war on drugs is in the order of billions. And then there are the associated effects of increased crime and health problems because the market is largely controlled by criminals.
This last point was explained quite well by Tom Lloyd, former chief inspector of Cambridgshire Police in the UK. In a radio interview on BBC’s Radio 5 Live7 (March 5, 2008), Lloyd raised some important issues:
- He felt over a longer period of 30 to 40 years, the international policy was a failed policy because of the increase in illegal drugs, the increase in associated crime, and the increasing health problems by substance users.
- He added that while many human beings seem to like taking mind-altering drugs, international policies have ensured the mind altering drugs are supplied by criminals who have no regard to the health of the users, or the crime that results.
- Banning drugs has failed, in his opinion. However, instead of some
free-for-all, regulating drugs would take the market away from the criminals, dramatically reducing the harms caused by prohibition (because prohibition leads to lots of death from the increased crime and health issues that results from criminals controlling the market).
Lloyd’s approach is to initially get control over the issue through this regulation of it so that
at least we stand a chance of doing something about drug use that can help reduce the harm. If someone is addicted to drugs, it is far worse if the supplier is a criminal because the substance could have impurities, causing further health problems, he argues.
There are also some medicinal uses of some drugs. When these are made illegal, research or provision of these is restricted.
Related to the crime aspects of illegal drugs is corruption8. Professor Robert Neild from Trinity College, Cambridge University wrote the book Public Corruption; The Dark Side of Social Evolution (London: Anthem Press, 2002). Neild suggested that international and national laws in rich countries that prohibit drugs may serve to
produce a scarcity value irresistible to producers, smugglers and dealers thus contributing immensely to the problem of corruption.
Neild adds that governments and civil society in the third world are often
undermined, sometimes destroyed by the violence and corruption that goes with the drug trade.
This is probably the most important way in which the policies of rich countries foster corruption and violence. Yet the effect on the Third World seems scarcely to enter discussion of alternative drug policies in the rich countries.
Legalizing drugs, a system of taxation and regulation, comparable to that applied to tobacco and alcohol might do more to reduce corruption in the world than any other measure rich countries could take, Neild suggests.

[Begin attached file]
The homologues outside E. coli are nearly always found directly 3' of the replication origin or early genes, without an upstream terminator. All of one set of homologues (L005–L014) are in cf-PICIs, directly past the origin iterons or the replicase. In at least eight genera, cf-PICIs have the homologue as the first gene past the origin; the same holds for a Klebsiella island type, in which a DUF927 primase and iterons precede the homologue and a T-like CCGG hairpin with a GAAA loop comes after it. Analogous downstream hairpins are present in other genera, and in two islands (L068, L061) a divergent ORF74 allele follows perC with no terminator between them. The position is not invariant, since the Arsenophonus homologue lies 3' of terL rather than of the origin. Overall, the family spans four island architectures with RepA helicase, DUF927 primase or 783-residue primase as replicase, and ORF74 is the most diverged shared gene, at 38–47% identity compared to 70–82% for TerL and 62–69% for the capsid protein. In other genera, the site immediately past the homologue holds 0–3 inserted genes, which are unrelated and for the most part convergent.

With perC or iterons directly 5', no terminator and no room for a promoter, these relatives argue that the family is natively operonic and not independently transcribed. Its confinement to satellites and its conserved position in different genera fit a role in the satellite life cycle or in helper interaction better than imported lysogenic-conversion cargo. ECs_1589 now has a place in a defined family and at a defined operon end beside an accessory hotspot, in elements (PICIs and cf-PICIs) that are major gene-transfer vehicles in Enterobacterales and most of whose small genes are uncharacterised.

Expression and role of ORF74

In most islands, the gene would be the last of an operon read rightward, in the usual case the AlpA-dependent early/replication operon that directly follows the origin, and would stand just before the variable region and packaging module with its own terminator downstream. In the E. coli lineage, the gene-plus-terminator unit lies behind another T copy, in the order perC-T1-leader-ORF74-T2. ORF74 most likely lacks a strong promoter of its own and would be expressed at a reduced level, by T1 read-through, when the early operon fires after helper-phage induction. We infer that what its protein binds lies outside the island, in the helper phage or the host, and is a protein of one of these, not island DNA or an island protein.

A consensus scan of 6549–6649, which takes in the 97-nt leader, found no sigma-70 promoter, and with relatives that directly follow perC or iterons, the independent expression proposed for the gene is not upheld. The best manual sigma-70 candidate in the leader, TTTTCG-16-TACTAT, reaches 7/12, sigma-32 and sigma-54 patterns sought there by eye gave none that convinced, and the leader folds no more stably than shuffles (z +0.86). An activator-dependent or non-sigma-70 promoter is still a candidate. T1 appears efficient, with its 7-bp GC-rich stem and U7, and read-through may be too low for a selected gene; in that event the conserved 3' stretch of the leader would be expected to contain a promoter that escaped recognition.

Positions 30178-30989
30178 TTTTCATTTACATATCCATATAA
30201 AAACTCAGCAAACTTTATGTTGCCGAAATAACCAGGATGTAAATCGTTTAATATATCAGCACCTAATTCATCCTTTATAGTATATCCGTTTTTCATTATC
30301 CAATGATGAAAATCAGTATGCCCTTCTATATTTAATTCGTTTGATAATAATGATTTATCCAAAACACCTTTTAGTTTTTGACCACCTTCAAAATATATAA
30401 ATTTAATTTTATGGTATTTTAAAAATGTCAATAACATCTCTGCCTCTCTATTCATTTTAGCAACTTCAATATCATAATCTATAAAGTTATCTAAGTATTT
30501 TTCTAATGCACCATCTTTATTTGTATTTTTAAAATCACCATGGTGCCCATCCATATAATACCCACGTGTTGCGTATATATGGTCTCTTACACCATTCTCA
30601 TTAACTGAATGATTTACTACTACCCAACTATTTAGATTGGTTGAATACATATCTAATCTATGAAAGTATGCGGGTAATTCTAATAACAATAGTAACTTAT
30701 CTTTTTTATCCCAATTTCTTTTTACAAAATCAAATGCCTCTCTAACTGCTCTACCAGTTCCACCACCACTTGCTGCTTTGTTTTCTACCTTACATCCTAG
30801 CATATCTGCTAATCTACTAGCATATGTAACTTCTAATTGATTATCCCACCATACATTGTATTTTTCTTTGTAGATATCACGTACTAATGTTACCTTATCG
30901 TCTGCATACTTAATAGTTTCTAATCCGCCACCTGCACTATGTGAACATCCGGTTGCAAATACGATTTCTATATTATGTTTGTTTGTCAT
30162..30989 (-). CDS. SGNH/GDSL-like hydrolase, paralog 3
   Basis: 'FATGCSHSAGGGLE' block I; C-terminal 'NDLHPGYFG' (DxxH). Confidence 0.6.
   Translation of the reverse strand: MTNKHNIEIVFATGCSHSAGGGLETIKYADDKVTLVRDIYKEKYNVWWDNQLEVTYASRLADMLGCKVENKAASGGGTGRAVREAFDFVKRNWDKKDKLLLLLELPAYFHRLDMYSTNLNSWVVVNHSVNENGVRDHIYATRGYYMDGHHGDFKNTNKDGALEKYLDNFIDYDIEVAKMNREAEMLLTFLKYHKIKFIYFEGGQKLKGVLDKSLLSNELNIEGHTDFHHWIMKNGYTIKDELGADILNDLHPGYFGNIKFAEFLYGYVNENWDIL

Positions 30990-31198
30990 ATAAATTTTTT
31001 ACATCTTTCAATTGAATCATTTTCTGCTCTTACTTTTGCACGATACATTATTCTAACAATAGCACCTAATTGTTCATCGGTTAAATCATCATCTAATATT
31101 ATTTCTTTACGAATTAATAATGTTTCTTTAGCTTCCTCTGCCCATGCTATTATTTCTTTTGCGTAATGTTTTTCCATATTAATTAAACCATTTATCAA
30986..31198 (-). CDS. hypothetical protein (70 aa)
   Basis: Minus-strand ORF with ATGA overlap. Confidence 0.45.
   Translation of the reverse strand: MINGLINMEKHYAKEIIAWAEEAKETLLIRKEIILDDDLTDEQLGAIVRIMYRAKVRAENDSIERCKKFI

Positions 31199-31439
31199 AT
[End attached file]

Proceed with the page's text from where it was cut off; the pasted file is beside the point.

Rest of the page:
Complicating this further, are the two major legal drugs that kill far more people than illegal drugs: tobacco and alcohol. Although these are legal and regulated, they continue to put enormous strains on social systems such as police and health services. In the United Kingdom, an excess drinking culture is affecting many young people and is a constant theme on mainstream news.
It would seem that tackling both supply (i.e. the criminal aspects) as well as demand (the social conditions that create the demand) both need addressing but by no means are the policy choices clear cut.
(For further view points and arguments, see for example this Wikipedia article9.)
This page is quite short, for a topic that is very large.
Issues such as geopolitics (e.g. using drugs to fund political agendas, such as in Colombia, or fund terrorism as in Afghanistan) are major problems. Due to time constraints these, and other aspects, have not been discussed further here—yet. That does not diminish these issues of course, and over time, more will be added.
1 articles on “Illicit Drugs” and 3 related issues:
Around the world, large numbers of people suffer unnecessarily and die from often easily preventable illnesses and conditions. For example, an estimated 1 billion people lack access to health care systems while millions die each year from diseases such as malaria, Tuberculosis and AIDS.
While health service provision is a desire for most people, nations struggle to find sufficient funds as they face high drug prices (sometimes with drug companies challenging countries—especially poor ones—that may legally try to create cheaper generic ones when faced with urgent health issues) while changing lifestyles are contributing to deteriorating health.
Read “Health Issues” to learn more.
Read “Consumption and Consumerism” to learn more.
Read “Geopolitics” to learn more.
We often hear leaders from rich countries telling poor countries that aid and loans will only be given when they show they are stamping out corruption.
While that definitely needs to happen, the rich countries themselves are often active in the largest forms of corruption in those poor countries, and many economic policies they prescribe have exacerbated the problem.
Corruption in developing countries definitely must be high on the priority lists (and is increasingly becoming so in the wake of the global financial crisis), but so too must it be on the priority lists of rich countries.
Read “Corruption” to learn more.